On its last legs: Horse racing in S’pore to end in 2024

This marks the end of over 180 years of horse racing at The Singapore Turf Club.



June 14, 2023

SINGAPORE The club was founded in 1842 as the Singapore Sporting Club by Scottish merchant William Henry Macleod Read and a group of horse racing enthusiasts.

Its first race was held in February 1843 to mark the 24th anniversary of Singapore’s founding by Sir Stamford Raffles. The prize money was $150.

The inaugural Singapore Cup was watched by more than 300 spectators. Race day was declared a national holiday.

In 1924, Singapore Sporting Club changed its name to Singapore Turf Club, and the first Singapore Gold Cup was held that year.

Over the years, big races with top-dollar prizes have featured top horses and jockeys from around the world, with British royalty and tycoons in attendance.

Sprinklers watering the racetrack at the Singapore Turf Club. ST PHOTO: MARK CHEONG

Singapore Turf Club remains the only horse racing club and authorised operator for horse racing activities in Singapore.

The $500 million Kranji racetrack was designed with the latest in-turf innovation and technology. There are 41 light masts installed around the course, which allowed the club to introduce night racing in 1999.

STC boasts stables with air-conditioned rooms, swimming pools for the horses, and Singapore’s only equine veterinary hospital. Its riding centre hosted the 2010 Youth Olympic Games’ equestrian show-jumping event.

The racetrack, as seen from a HDB flat in Woodlands. ST PHOTO: GAVIN FOO

At the club’s peak, thousands of horse-racing enthusiasts would pack the grandstands on race day.

But horse racing’s popularity here has waned. Between 2010 and 2019, before the Covid-19 pandemic, the club saw its average race day attendance decline from about 11,000 spectators to some 6,000.

When the racecourse reopened to the public in April 2022, just 2,600 showed up on the average race day – less than half the pre-Covid-19 attendance.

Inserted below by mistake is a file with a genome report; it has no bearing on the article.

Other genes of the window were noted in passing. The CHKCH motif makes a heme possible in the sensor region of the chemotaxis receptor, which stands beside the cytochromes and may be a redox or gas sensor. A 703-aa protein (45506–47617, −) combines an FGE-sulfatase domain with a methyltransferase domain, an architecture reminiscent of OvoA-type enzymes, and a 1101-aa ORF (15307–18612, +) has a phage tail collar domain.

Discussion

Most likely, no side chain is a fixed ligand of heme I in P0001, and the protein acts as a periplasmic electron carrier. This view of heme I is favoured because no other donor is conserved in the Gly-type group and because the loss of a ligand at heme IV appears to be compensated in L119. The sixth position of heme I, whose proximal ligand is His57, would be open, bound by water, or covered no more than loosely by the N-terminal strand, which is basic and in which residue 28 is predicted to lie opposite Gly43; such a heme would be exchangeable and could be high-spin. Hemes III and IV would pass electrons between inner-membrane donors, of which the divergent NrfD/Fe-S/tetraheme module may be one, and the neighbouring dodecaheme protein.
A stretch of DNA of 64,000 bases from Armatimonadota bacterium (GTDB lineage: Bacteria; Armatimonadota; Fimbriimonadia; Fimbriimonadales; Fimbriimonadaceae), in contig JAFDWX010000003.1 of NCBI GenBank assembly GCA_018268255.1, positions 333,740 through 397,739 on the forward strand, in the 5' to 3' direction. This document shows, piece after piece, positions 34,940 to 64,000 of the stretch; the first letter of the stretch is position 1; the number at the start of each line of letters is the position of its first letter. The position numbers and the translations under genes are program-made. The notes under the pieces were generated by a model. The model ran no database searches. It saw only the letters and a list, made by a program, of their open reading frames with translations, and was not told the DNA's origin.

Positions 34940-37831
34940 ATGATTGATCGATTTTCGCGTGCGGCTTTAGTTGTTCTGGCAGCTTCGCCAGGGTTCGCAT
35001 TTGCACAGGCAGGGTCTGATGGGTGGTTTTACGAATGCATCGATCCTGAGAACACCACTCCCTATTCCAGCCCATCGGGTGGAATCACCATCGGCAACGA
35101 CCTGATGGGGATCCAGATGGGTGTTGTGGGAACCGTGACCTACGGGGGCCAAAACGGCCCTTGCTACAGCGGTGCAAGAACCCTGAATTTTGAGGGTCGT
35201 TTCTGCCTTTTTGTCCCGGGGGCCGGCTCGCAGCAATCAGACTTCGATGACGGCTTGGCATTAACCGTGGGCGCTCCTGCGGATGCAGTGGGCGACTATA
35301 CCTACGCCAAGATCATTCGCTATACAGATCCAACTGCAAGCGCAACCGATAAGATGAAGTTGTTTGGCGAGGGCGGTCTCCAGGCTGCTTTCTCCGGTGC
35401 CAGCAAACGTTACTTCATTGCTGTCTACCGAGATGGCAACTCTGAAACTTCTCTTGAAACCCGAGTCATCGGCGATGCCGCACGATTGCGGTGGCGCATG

Last Monday, STC announced that it would close in October 2024.

The five-storey grandstand, with both outdoor seating and indoor (pictured), has a total capacity of 30,000. ST PHOTO: MARK CHEONG

More spectators flocked to STC’s races on Sunday, days after the club’s closure was announced. But the 3,000 or so visitors were a fraction of the grandstand’s 30,000 capacity. ST PHOTO: SHINTARO TAY

Race attendance has dwindled over the years, and loyalists are mostly senior citizens now. ST PHOTO: SHINTARO TAY

Punters catching the track action on TV screens in the air-conditioned comfort of the public grandstand. ST PHOTO: SHINTARO TAY

The races still draw an avid pool of punters, but nothing compared to during the club’s heyday, when the grandstand would be packed with spectators jockeying for a good view during the race. ST PHOTO: SHINTARO TAY

Racing magazines like the one this man is holding provide information about the races as well as racing tips to guide punters. ST PHOTO: SHINTARO TAY

A horse named Gold Legend reacts as jockey Simon Kok climbs on at the parade ring, before heading to the racetrack. ST PHOTO: SHINTARO TAY

Jockey Ronnie Stewart and a horse named Sheesh make their way to the turf track from the parade ring on Sunday. ST PHOTO: SHINTARO TAY

Trainer Stephen Gray hugs a stable hand in triumph at a victory ceremony after his horse Wecando (with jockey Marc Lerner atop) won the ninth race on Sunday. ST PHOTO: SHINTARO TAY

Tossed betting slips on the floor, like confetti of hopes lost. ST PHOTO: SHINTARO TAY

A tower at the Singapore Turf Club. ST PHOTO: JASON QUAH

A lone rider putting in the paces during a trackwork session last Tuesday. ST PHOTO: JASON QUAH

A barrier trial last Tuesday. These regular mini races are held as part of race preparation. ST PHOTO: JASON QUAH

The ticketing booths at the Singapore Turf Club. ST PHOTO: JASON QUAH

Benches stand barren next to the racetrack at the Singapore Turf Club. ST PHOTO: MARK CHEONG

Stabled on the sidelines are two inanimate equine residents. The fate of the 700 race horses stabled at STC is still uncertain. ST PHOTO: JASON QUAH

STC will gradually say goodbye to its 350 or so employees after it shutters in late 2024. ST PHOTO: MARK CHEONG

The sun will set on the Singapore Turf Club in October 2024 when it holds its final race. ST PHOTO: MARK CHEONG

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